As an IT system administrator, unless you have strong physical control of your entire network from end-to-end, are sure devices never physically leave your network or connect to other networks, and can assure that only trusted devices are on your network, you’ll want to enable this feature – after carefully reviewing the material from Microsoft of course.
As developers and architects, we should be ever vigilant to improper use of the DNS for authentication. Every secure interaction that starts with a DNS resolution requires a subsequent authentication step.
Issue #2: Active Directory relies on the DNS and interacts with the DNS in unanticipated ways.
One can think of Active Directory is a hierarchical database layered on top of DNS technology and protocols. The interactions between Active Directory and the global Internet DNS are opaque and not universally understood by Microsoft administrators.
Active Directory clients locate resources in a Microsoft network largely through special DNS requests for A and SRV records. Bits of the Active Directory structure like the name of the Active Directory forest, Organizational Units (OUs), and the Active Directory Root wind-up in DNS queries when clients try to find resources. The DNS queries are then mutated by DNS Search Path Processing, which is also, unfortunately, opaque and sloppy.
The resulting exploration of the DNS namespace when a Windows client is looking for resources is surprising: while a simple Windows client is looking for a resource called, say, printer.myou.myad, that may actually result in Internet DNS queries for printer.myou.myad.com, printer.myou.myad, printer.myou, printer.myou.com, and so-on. If the machine is connected to the public Internet – and/or the network is configured in such a way that those queries “leak” out of the enterprise – the Internet DNS infrastructure will attempt to resolve those queries and provide pointers to these resources. Which is almost certainly not what is desired; a result from the local Active Directory controller for your domain is expected.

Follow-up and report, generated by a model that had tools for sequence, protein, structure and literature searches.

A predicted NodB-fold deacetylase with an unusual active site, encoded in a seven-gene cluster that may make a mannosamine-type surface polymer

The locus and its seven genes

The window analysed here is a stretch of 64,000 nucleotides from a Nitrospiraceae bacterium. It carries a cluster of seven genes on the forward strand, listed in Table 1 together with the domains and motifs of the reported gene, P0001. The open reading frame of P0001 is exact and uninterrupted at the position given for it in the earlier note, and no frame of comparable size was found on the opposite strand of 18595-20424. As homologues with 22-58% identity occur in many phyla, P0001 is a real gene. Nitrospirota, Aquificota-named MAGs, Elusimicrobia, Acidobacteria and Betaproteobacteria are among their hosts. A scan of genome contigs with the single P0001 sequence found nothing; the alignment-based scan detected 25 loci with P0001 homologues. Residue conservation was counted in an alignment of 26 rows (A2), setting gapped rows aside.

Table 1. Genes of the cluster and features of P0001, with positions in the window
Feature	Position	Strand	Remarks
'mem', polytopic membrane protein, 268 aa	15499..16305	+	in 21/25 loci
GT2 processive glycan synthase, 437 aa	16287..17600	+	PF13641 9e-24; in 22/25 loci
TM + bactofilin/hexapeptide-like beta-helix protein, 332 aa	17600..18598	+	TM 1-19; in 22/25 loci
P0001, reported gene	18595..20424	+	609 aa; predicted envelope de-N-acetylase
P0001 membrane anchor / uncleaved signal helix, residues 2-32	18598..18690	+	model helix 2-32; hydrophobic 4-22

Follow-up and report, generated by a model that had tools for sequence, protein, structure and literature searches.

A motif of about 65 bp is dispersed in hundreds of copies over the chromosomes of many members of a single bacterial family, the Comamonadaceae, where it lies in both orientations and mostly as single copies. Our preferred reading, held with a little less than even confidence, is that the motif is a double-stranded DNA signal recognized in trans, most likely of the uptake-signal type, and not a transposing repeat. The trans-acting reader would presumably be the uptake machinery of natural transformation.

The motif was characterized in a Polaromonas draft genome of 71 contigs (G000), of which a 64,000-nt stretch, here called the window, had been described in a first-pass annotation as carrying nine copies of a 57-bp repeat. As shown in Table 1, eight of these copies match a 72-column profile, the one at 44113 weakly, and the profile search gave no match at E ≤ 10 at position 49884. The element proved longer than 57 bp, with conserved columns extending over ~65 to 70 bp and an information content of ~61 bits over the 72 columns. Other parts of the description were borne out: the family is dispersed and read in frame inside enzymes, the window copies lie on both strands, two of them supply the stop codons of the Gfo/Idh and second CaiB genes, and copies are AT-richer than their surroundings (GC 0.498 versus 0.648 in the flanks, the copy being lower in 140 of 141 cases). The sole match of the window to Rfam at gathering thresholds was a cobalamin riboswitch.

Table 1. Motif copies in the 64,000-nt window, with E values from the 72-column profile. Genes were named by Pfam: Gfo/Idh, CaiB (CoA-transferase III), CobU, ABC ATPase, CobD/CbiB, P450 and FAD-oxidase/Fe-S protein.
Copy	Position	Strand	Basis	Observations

This is a perverse issue. Over the course of our research, over 200,000 distinct Active Directories reached-out to us over the Internet via DNS registrations we contrived in various ways. Think Robert Stucke’s fantastic DEFCON21 talk.
See SAC064 for more information about DNS search list processing.
Microsoft did not address “query leakage” or Active Directory naming problems as related to the global Internet DNS in this round of patches. However, if UNC Hardened Access is enabled, at least in theory even leaked queries would not result in an exploitable situation because the strong authentication step is still required providing cryptographic proof that the client is talking to the server it thinks it is. So even if these queries make it out to the Internet, no harm done.
As an IT system administrator, you should have mechanisms in place to monitor DNS query leakage. Internal DNS queries associated with Active Directory should not be permitted to leave the enterprise boundaries. Additionally, your Active Directory should be named within a global Internet DNS namespace you control to further reduce your risk. For example, if you own company.com, your Active Directory should be rooted in corp.company.com or something similar, so any queries that do leak onto the global Internet DNS go back to you and not to someone else.